Basle, Switzerland; a solution used in several locations for low floor accessible vehicles at locations where it has not proven possible to provide safe 'kerbside' or 'island platform' stopping facilities. The examples shown here do not provide true "easy access" no-step level boarding, but by reducing the height of the section of road reserved for the public transport by the same amount equivalent to a kerb-stone the entry / exit gap (step) between the ground and the LRV floor is reduced to a more "cope-able" amount.
Special needs easy access (for all types of transport) is more fully covered on the Easy Access page.
|Left: Usually the lower traffic lamp flashes amber, but as a LRV approaches the lights change to red halting the traffic and providing passengers
with a safe route between the vehicle and the kerb. Note that the cyclist is also obeying the red traffic signal.
Right: and below (both) - although the stop is located in the middle of the road it is still possible to create a 'platform effect' by depressing the tracks slightly compared to the rest of the road surface. These three views come from the suburb of Reinach Dorf where a segregated light rail line rejoins the public highway for a short distance. As with the other location there are traffic signals which hold back the traffic on the approach of the LRV although they are not seen here.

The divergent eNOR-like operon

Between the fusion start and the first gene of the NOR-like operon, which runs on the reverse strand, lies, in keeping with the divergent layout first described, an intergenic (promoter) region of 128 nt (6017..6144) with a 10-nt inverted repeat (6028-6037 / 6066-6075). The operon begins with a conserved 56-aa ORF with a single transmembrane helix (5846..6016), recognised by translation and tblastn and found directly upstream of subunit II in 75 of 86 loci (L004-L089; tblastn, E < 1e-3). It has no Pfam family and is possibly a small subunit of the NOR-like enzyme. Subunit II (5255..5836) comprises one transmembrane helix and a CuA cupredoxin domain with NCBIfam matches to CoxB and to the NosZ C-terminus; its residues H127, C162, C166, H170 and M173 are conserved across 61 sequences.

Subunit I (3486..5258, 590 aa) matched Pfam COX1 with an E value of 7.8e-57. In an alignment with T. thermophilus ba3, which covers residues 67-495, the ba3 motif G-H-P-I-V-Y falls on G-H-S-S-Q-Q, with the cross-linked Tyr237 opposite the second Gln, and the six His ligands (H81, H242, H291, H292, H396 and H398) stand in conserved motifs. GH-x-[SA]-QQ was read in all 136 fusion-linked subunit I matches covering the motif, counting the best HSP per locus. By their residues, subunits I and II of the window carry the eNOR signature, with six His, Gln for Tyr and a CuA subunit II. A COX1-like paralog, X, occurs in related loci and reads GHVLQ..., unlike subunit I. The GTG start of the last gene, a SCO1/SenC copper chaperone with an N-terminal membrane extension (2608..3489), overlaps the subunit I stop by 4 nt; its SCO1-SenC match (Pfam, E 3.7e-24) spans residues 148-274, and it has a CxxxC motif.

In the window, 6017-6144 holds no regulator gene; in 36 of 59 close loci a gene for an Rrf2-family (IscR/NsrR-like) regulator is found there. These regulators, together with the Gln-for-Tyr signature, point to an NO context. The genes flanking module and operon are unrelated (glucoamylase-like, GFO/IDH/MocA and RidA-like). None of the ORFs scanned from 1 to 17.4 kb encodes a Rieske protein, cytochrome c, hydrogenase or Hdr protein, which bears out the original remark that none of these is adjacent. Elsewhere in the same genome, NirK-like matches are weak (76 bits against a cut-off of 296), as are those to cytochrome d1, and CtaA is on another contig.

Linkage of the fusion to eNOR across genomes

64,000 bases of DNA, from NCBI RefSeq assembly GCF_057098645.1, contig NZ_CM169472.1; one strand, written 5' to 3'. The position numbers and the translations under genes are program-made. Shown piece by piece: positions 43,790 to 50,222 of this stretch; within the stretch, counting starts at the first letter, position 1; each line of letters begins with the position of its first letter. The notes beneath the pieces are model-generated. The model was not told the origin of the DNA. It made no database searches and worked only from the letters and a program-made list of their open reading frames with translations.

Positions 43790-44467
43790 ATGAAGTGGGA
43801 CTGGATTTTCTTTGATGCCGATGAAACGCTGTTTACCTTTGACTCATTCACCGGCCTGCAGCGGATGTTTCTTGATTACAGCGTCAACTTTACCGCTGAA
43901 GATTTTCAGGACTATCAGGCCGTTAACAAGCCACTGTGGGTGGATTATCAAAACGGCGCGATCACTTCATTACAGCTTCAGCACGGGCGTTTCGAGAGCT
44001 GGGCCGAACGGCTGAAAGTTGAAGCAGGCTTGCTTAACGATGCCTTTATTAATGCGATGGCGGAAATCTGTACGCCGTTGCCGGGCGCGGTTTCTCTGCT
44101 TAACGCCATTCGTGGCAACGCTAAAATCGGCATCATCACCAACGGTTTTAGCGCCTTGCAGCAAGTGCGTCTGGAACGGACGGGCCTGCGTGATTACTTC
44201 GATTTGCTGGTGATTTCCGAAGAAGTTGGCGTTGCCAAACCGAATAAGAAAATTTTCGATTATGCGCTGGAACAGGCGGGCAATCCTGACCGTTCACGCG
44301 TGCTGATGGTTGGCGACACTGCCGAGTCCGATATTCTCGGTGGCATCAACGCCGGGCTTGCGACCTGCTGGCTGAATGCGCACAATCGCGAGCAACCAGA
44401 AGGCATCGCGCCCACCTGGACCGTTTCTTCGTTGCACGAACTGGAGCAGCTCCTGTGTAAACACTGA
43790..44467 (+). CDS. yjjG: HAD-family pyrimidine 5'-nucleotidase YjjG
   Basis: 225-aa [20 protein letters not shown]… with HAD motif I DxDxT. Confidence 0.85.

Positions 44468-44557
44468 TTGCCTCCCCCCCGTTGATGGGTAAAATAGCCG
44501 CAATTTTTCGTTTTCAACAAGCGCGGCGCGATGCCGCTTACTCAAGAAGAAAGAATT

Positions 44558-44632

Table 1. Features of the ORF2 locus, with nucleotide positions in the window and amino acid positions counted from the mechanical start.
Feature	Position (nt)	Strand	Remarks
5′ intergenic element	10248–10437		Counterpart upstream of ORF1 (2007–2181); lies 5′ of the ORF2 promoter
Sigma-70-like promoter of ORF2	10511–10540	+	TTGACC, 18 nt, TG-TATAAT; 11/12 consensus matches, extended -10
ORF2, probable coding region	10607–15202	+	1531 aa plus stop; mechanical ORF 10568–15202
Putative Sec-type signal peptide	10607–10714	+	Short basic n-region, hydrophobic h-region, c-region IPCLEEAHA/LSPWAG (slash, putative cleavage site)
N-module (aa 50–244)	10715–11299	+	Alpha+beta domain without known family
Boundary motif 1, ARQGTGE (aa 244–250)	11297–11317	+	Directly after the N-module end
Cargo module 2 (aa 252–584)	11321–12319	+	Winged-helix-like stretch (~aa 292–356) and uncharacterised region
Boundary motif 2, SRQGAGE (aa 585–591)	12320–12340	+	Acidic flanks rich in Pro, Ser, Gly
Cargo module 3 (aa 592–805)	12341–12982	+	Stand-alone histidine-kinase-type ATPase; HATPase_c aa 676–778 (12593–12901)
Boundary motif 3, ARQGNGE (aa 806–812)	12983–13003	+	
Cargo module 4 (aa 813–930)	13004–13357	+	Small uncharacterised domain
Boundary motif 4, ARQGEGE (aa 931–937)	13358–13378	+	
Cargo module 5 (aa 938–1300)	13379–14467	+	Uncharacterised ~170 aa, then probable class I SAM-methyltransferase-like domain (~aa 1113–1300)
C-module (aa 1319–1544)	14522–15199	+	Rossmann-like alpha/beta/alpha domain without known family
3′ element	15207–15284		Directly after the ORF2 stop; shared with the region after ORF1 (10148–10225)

|To better demonstrate the principle and reasons behind using traffic signals to protect passengers at light rail stops a short video called Light Rail Pedestrian Crossing Safety Signals has been placed on the 'youtube' file-sharing website and can be watched (in a new window) by clicking either the projector icon or here - http://www.youtube.com/watch?v=uGHyGQn98Z4.|